I’ve been wanting to try out some raw recipes all summer, particularly cakes and desserts, but I just haven’t had the time with holidays and moving house. However, I did have a play around with a bulk of cashew nuts that I bought and discovered two amazing recipes for some quick and healthy snacks that have very few but nourishing ingredients!
Before I divulge the details on these discoveries, I also wanted to add in a short guide to consuming nuts. There has been talk recently about how one of the biggest mistakes that ‘healthy eaters’ make today is actually eating too many nuts, particularly those following a vegan or Paleo diet. As I’ve been playing around with what you can do with nuts I began to wonder how much is too much? And why are too many nuts bad for you?
As someone who never ate nuts until two years ago, it was just typical that I was now faced with the problem of potentially eating too many! Nuts can be hard to digest and have high levels of omega-6 polyunsaturated fats (PUFA). They also contain Phytic acids (phytate). This toxin is one of the reasons why the Paleo diet avoids eating too many grains, because phytic acid prevents iron absorption (as well as suggesting that we have not evolved properly to digest grains). However nuts can actually contain just as high or even higher amounts of phytates than wheat bread. A little ironic, when you see gluten-free and Paleo diets opting for nuts instead.
So what is phytic acid?
Phytic acid is the storage form of phosphorus found in many plants, especially in the bran or hull of grains and in nuts and seeds. Although herbivores like cows and sheep can digest phytic acid, humans can’t. This is bad news because phytic acid binds to minerals (especially iron and zinc) in food and prevents us from absorbing them. Studies suggest that we absorb approximately 20 percent more zinc and 60 percent more magnesium from our food when phytic acid is absent. However, It’s important to note that phytic acid does not leach minerals that are already stored in the body; it only inhibits the absorption of minerals from food in which phytic acid is present.
Phytic acid interferes with the enzymes we need to digest our food, including pepsin, which is needed for the breakdown of proteins in the stomach, and amylase, which is required for the breakdown of starch. Phytic acid also inhibits the enzyme trypsin, which is needed for protein digestion in the small intestine.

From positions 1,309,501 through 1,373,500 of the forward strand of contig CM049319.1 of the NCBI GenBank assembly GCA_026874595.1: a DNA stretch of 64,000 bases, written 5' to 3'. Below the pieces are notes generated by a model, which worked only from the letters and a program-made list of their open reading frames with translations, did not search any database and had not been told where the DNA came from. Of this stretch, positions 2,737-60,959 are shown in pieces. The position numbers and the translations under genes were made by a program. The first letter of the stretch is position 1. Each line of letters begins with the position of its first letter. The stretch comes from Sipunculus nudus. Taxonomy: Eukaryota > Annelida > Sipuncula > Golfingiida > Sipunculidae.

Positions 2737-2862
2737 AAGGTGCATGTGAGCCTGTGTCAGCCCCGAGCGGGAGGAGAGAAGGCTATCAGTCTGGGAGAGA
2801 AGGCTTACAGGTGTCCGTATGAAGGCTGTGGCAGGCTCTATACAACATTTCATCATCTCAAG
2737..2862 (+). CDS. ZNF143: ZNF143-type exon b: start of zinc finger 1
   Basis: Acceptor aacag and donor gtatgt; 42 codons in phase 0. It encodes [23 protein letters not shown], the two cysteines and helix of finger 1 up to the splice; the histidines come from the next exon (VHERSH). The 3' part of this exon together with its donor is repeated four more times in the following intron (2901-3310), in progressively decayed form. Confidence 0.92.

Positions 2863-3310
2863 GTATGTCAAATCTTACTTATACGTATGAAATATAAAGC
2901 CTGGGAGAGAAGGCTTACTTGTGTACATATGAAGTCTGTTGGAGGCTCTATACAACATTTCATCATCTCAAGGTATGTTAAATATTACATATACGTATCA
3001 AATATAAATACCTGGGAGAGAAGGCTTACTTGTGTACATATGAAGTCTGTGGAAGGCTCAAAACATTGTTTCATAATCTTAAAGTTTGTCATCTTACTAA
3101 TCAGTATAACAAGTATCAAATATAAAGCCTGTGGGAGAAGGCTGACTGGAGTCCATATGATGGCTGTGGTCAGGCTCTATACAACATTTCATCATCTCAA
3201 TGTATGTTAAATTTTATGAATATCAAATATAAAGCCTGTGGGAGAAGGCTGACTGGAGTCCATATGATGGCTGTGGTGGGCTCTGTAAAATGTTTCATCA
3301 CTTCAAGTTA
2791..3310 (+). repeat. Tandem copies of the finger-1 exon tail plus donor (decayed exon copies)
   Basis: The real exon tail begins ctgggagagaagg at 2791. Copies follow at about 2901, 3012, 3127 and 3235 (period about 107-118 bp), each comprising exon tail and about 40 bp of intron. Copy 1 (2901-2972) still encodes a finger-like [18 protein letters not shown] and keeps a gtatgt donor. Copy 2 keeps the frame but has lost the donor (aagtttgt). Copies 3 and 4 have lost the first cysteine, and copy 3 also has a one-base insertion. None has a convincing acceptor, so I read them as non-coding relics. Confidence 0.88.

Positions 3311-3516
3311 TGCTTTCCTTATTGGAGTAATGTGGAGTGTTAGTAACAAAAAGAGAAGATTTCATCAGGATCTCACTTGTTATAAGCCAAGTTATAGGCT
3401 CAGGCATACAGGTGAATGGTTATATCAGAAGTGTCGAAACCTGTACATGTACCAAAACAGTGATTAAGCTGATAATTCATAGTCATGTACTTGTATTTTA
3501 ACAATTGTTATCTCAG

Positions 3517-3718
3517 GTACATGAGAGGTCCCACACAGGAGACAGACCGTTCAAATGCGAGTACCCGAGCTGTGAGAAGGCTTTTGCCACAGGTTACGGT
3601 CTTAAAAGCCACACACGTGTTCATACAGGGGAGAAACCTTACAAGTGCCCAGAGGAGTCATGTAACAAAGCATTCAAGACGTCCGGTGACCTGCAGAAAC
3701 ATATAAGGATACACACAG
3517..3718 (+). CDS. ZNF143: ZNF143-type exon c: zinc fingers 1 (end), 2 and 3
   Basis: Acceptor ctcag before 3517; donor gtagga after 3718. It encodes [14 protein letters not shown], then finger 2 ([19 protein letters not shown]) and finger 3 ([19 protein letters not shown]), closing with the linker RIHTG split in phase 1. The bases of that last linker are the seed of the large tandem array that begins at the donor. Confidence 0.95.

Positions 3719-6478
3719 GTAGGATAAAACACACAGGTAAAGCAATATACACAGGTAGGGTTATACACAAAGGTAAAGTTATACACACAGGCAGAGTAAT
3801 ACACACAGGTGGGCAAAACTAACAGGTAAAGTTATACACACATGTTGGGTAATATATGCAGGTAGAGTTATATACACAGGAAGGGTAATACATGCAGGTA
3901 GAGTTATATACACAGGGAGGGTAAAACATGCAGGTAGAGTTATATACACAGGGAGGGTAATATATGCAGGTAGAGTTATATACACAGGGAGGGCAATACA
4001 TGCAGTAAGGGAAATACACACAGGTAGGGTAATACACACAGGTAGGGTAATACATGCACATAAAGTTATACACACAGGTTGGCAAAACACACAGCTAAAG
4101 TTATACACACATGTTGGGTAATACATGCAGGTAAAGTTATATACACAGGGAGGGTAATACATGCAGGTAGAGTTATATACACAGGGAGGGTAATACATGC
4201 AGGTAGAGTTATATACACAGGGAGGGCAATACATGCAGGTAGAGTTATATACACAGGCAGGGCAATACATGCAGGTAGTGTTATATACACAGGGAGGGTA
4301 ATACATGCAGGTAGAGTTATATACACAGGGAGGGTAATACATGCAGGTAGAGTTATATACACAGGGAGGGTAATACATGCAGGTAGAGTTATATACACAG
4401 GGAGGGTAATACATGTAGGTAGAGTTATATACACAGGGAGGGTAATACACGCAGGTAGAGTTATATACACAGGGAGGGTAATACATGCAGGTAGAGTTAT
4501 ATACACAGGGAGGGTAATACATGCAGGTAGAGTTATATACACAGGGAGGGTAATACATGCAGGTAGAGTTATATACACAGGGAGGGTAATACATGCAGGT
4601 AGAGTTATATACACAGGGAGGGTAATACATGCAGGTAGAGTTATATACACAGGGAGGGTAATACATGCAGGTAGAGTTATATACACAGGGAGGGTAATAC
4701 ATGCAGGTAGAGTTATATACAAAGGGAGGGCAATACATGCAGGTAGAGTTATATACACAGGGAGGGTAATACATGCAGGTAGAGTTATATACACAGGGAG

I have sourced my information here, where you can also find out the amounts different nuts, seeds and grains contain as well as understand more about possible (but lengthy) ways to reduce phytic acid content.
So back to nut recipes! Without worrying too much, here are my delicious recipes below. If you eat these as a snack at say 10am, with a normal metabolism they should be digested by lunch time. This means that what you eat afterwards will not be affected by the phytic acid. Therefore it’s not just important to consider the quantity or their preparation, but what you eat them with.
1 cup cashew nut flour (milled to flour in the nutribullet)
1/4 cup of maple syrup
1/4 cup coconut oil
1/2 cup raspberries
1/3 cup gluten free oats (optional)
1 tsp maca powder / baobab powder (optional)
1 tsp raw cacao powder (optional)
I also tried grating lemon zest and 1 tsp of ginger powder instead of raspberries for a less sweet and subtle flavour. Both are delicious!
Mix all of the dry ingredients in a bowl
Melt the coconut oil and pour over mixture to bind together
Add the maple syrup and stir into sticky mixture
Break off chunks and roll into balls
Place on greaseproof paper
Place in the freezer for 3 hours
Remove from freezer, leave to soften for a few minutes and serve.
These do not suit being out of the freezer for long periods of time, so are not a good option for lunch boxes.
Do leave comments below and let me know of any successful flavour variations!
Cashew Brownie Bites:
1 tbs raw cacao
1 tbs maple syrup
Blend and roll into balls. Place in the refrigerator to keep firm.
So delicious and addictive!!